The importance of enterprise resource planning (ERP) systems to today’s business leaders is hard to overstate. Not only do ERP applications automate and streamline core business processes – from manufacturing and logistics to HR and finance – they are also the fountainhead for corporate understanding of operational performance.
Ensuring that ERP systems can act as a source of intelligence for decision-making has not always been easy to achieve. For one, business intelligence (BI) tools are rarely applied to the ‘live’ data being generated by ERP systems. Much more commonly, BI analysis and reporting is generated by using a snapshot of extracted information that can be anything from several hours to several days old.
That does not undermine the value of traditional BI. In fact, a recent poll of 1,400 CIOs conducted by IT industry watcher Gartner, showed BI as their top technology priority for 2006.
But, the nature of BI requirements is changing. Whereas traditionally tools have been the preserve of power users, increasingly, analytical tools are being used throughout the business. This extended army of users can have vastly different requirements – some merely need canned reports, while others might need a much more current or even real-time view of the state of the business.
At the same time, there is pressure to derive greater value from ERP systems – even as users reel from the massive consolidation in the ERP market.
The Shaw Group, the Baton Rouge-based construction giant, experienced first hand the turbulence of seeing its ERP supplier JD Edwards (JDE) being acquired – twice in the period of a few years – first by PeopleSoft and then by Oracle. But it remained committed to the JDE platform and sought ways to drive greater value from its investment.
As Patrick Thompson, CIO and vice president of administration at The Shaw Group explains, success in the construction industry stems from the skilful management of projects – of which it has hundreds running at any one time – with budgets constantly reviewed and kept on a tight leash.
In 2003, the company began consolidating seven information systems, supporting 288 business units across the globe, onto a single JD Edwards platform. This took out significant operating costs and reduced IT overheads by about 50%, while “improving transactional systems”, says Thompson.
But while that standardisation project helped streamline operations, many employees were still faced with significant difficulties in trying to get to information they needed from the consolidated system. “There are challenges with getting the information into a data warehouse and keeping it refreshed,” explains Thompson. For its project managers, for example, who oversee large construction programmes, there was intense frustration as they waited to see end-of-month reports to be built by IT and loaded into the data warehouse.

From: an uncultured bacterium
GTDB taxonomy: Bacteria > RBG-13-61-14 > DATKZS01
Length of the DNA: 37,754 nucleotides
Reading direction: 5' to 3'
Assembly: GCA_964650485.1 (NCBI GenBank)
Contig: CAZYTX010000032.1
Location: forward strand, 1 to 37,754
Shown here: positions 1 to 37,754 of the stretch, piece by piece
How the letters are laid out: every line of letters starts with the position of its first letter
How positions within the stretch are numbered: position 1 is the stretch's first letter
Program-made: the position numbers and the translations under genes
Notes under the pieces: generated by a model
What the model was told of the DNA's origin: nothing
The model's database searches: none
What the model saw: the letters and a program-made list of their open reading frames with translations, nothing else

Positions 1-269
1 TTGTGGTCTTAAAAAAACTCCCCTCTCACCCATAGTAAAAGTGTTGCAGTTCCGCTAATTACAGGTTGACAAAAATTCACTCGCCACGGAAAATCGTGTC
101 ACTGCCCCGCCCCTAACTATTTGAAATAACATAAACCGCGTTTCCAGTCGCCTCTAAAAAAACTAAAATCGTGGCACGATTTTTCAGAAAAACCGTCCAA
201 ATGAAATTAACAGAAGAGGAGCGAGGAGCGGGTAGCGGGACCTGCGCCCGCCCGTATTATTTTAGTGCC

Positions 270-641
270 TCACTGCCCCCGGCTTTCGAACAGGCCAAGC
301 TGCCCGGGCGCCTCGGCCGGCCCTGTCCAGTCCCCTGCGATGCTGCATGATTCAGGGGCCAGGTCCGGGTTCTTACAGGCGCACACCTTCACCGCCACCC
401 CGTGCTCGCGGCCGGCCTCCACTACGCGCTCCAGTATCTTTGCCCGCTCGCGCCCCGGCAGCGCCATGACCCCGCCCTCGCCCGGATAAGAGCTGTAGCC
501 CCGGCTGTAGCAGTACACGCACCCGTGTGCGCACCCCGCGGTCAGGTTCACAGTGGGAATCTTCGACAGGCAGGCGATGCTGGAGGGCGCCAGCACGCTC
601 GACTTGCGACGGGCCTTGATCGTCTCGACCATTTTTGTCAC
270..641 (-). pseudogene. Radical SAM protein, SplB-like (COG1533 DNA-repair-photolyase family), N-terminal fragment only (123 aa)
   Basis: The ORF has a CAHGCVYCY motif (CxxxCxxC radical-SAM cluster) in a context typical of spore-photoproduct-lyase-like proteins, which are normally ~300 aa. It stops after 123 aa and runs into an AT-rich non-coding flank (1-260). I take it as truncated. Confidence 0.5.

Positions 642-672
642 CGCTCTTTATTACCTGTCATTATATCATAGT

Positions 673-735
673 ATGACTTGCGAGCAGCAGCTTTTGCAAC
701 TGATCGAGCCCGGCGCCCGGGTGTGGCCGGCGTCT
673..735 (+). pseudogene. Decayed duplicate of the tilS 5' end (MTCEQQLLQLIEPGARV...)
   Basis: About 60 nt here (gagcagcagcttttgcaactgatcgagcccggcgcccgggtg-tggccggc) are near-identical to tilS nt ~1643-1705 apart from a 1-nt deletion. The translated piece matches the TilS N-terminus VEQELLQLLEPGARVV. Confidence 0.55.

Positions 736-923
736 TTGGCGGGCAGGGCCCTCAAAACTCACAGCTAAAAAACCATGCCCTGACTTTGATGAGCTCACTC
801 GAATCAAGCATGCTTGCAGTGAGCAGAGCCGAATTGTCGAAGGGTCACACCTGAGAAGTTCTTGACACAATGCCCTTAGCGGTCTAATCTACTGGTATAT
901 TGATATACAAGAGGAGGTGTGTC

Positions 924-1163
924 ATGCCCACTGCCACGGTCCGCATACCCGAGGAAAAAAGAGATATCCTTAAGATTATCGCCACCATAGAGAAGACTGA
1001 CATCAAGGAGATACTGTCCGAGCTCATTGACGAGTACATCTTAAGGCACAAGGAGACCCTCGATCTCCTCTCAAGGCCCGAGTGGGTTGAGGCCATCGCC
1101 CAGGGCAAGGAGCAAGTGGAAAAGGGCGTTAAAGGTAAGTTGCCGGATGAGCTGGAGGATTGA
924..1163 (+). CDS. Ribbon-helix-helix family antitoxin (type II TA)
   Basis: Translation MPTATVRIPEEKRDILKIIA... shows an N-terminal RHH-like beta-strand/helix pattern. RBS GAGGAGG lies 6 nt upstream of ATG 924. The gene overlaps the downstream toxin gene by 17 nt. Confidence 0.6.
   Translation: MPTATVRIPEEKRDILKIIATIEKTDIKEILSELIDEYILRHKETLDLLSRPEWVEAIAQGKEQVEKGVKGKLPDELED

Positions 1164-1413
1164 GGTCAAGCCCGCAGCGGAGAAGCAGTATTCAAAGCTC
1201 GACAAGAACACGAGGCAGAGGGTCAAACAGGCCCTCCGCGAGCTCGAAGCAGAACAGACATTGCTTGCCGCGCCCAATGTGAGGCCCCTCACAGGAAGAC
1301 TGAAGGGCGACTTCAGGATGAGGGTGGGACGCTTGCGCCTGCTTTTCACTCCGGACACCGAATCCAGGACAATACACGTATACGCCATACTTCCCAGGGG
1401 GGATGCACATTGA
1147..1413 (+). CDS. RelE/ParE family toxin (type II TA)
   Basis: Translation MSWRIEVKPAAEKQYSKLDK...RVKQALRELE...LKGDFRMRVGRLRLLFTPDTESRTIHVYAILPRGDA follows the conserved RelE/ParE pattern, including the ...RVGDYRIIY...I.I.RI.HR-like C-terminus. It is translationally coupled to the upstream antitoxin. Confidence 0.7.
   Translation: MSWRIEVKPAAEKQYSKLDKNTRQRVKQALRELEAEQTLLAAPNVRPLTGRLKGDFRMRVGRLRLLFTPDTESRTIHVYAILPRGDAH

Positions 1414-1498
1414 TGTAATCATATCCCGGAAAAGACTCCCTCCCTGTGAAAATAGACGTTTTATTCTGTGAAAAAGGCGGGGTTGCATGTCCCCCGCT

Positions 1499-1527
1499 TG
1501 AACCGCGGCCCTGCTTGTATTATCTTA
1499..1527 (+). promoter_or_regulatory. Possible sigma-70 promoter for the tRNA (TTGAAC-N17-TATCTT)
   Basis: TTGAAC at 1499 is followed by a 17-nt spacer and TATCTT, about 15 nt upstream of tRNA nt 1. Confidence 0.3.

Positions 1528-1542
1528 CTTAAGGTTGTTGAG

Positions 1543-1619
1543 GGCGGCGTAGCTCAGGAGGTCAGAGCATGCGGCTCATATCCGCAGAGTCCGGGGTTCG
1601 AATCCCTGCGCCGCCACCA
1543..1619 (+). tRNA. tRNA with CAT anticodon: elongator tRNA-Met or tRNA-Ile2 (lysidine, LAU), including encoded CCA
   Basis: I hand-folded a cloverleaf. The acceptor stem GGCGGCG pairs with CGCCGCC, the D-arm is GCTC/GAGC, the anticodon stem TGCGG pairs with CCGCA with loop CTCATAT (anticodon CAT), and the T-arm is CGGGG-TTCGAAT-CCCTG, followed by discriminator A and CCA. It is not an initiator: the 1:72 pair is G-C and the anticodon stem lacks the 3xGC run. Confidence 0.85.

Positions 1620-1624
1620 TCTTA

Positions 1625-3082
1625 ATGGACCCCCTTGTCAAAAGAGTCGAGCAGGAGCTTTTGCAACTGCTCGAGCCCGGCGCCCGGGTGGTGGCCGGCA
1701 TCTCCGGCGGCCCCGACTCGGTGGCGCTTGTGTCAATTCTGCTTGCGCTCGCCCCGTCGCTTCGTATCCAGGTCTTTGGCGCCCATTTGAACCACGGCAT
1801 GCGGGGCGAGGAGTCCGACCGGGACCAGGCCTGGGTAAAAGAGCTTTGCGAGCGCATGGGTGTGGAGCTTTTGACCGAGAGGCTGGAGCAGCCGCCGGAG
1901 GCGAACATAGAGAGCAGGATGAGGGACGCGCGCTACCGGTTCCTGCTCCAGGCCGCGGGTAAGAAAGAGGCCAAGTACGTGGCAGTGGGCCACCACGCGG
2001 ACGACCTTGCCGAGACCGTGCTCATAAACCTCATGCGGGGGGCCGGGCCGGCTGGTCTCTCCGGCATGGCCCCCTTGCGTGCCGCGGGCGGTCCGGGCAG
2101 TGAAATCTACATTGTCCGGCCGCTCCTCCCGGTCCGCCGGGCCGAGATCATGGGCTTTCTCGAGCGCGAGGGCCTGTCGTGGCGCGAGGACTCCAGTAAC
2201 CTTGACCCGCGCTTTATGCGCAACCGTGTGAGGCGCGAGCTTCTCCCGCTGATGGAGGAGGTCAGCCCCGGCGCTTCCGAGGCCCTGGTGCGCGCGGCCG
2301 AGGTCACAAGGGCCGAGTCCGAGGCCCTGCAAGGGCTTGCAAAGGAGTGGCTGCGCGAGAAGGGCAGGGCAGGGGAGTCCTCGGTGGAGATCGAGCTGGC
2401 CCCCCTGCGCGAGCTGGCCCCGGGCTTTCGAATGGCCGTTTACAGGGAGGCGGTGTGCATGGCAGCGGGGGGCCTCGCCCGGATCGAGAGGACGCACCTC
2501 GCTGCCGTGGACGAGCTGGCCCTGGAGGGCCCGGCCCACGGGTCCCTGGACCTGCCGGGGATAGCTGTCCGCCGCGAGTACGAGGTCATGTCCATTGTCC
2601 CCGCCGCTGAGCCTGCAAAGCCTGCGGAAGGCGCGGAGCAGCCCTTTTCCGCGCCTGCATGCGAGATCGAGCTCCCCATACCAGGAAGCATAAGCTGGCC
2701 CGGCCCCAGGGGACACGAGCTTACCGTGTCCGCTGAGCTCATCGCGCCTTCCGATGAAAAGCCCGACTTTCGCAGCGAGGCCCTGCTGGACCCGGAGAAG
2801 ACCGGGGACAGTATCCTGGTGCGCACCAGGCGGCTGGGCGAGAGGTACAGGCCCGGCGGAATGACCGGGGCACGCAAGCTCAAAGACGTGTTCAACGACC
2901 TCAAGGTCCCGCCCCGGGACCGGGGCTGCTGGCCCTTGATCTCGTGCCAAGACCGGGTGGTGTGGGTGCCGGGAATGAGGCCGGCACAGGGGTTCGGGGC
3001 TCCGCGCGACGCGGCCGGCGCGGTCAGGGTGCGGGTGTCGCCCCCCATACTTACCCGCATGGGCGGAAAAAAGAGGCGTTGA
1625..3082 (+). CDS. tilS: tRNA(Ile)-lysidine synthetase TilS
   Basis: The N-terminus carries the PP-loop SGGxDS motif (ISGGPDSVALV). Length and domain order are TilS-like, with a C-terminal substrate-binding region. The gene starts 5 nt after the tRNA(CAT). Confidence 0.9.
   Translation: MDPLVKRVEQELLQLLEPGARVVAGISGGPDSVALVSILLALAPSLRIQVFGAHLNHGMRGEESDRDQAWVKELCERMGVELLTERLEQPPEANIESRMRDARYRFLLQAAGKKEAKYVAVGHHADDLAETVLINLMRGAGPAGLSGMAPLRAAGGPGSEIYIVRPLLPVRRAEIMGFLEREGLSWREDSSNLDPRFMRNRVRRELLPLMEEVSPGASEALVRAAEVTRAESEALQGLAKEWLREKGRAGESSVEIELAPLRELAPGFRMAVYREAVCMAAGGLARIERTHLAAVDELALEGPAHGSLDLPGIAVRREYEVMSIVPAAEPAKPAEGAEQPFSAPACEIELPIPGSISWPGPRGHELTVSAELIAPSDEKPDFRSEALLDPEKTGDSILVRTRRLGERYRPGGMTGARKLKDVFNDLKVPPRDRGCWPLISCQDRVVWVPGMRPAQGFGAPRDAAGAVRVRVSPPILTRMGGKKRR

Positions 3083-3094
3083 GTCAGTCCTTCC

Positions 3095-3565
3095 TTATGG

Reacting to that, Thompson sought out a more direct route to those reports. By deploying end-user enquiry tools from BI software specialist The GL Company, that draw data directly from the ERP databases, project managers can now get an accurate view of a project’s status in real time – including actual costs.
As Thompson emphasises, time is really critical here: “We needed literally real-time information, and that wasn’t possible with some of the other tools we looked at.”
The attraction of analysing operational data by bypassing the data warehouse has not been lost on executives at major ERP vendors.
In August 2006, Oracle acquired the assets of Sigma Dynamics, a maker of real-time predictive analytics software for customer relationship management systems, in a move to strengthen its ability to provide reporting and analysis directly from the application databases. That leads Alys Woodward, an analyst at market watcher Ovum, to conclude that “Oracle is approaching business intelligence and analytics from the perspective of its applications.”
Its chief rival, SAP, has also started to add legitimacy to the real-time BI approach. Having recognised that customers are looking to reduce the time lag between activity in operational systems and the availability of that information in an analytical environment, the company is using its NetWeaver platform to allow direct analytical access to operational data.
SAP also has its xApp Analytics portfolio of BI applications built directly into the mySAP modules. This, too, allows direct access to SAP and non-SAP application workflows and data to enhance the decision-making process for users.
No more warehouse?
It may be tempting to believe that the drive towards operational BI, where companies use various methods to analyse live data, reduces the need for the data warehouse entirely. But that would be foolhardy.
For while it may be possible to access and analyse operational data directly, there are still plenty of reasons for building, populating and maintaining a data warehouse. For one thing, no-one is going to allow the running of major queries against the operational database. However, in many instances – accountants consolidating last-minute bookings at the end of a quarter, inventory managers keen to pre-empt a stock-out, or a chief executive who wants to deliver a truly accurate trading update – access to a real-time picture is the vital.
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